I’ve fallen all over the ice partially for this guy–Maybe (his name is Maybe). And how does he repay me? with a horn to the jaw. It hurt, and hurts.
My ice-stabilization muscles are in full operating condition, and luckily my hips are still cushioned a bit from holiday eating/overeating. I have picked the best routes to maneuver between house, barn, hay bales, water spout, car, front door, etc.
As a kid, this kind of ice storm was awesomely amazing. The world was my ice rink. I remember, one winter, when all of the branches on the skeletons of the trees throughout our city were coated in ice. They glittered and cracked and were beautiful. But I was a kid then, adults dont like ice storms, right?
This ever pervasive and increasingly icy landscape has me thinking a lot about my brother, Evan, who I already think about daily. He died ten years ago this year when he and his girlfriend, Jackie, were out driving after dark on Lake Minnetonka, near my childhood home. Driving on this lake in the winter is normal and many people partake in ice sports and using the ice roads to cut down on commute distances. My brother’s car, however, crashed through a quickly growing hole in the ice. Jackie got out of the hole, but she succumbed to hypothermia about 100 yards from shore, my brother drowned. He was 16 and she was 17.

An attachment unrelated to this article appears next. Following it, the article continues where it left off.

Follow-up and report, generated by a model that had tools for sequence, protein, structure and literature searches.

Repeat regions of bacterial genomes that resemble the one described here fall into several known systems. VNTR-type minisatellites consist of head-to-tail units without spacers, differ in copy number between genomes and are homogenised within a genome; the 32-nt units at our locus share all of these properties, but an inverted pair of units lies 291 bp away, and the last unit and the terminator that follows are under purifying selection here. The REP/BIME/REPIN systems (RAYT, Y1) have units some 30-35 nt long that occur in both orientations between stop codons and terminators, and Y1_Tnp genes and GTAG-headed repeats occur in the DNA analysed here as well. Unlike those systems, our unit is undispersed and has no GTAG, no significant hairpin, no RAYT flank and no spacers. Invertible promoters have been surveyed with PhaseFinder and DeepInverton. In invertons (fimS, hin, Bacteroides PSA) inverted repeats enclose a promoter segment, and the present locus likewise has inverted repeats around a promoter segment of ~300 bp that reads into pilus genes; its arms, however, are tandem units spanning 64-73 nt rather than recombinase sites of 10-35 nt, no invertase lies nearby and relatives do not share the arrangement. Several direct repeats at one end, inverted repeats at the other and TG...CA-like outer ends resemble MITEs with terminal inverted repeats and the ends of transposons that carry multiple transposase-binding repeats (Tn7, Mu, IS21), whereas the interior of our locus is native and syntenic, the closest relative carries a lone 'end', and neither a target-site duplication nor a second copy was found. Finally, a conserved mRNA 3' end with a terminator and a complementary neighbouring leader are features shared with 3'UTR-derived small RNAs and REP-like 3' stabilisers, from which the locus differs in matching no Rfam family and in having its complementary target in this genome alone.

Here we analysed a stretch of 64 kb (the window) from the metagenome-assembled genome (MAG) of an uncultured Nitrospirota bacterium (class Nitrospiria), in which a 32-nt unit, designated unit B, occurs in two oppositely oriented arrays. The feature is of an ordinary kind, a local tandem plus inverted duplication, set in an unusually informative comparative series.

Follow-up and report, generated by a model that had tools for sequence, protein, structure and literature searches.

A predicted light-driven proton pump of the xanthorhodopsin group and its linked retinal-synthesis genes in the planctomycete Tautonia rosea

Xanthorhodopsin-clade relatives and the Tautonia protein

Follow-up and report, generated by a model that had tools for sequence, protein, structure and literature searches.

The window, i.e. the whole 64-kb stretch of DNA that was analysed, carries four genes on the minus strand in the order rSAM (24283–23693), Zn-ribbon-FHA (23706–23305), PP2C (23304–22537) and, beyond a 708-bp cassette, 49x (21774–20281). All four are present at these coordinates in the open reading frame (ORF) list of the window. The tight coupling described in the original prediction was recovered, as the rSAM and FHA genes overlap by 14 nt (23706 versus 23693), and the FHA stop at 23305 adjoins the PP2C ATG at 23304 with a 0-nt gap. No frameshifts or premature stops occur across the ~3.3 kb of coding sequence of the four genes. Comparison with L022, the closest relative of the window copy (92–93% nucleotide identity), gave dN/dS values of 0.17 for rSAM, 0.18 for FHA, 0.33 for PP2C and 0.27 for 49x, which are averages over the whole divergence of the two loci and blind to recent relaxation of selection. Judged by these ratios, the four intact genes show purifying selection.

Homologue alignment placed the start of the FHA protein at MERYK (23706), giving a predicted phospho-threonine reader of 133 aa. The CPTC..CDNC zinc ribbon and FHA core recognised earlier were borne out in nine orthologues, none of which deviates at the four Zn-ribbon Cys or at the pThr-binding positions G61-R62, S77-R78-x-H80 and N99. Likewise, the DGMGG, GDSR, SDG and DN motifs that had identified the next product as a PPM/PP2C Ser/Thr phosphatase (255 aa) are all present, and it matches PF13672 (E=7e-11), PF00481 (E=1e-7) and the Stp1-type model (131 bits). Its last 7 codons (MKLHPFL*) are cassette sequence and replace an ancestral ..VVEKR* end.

My brothers Evan (dark hair) and Ian (little guy) at a family reunion ca. 1994.
They were amazing young people, and I wish every day that I could see what kind of adults they would have become. He was amazingly selfless, always putting others before himself–even to the detriment of his own progress at times. She was much the same and had a deep love for Bob Dylan. We were all in track and cross country skiing together. We spent time at home together. I wish we had been even closer. The last time I saw Evan and Jackie, they asked to borrow the car so they could trade in Evan’s saxophone for a banjo. It was the day before they died. I was excited for him to play the banjo. I remember it so vividly…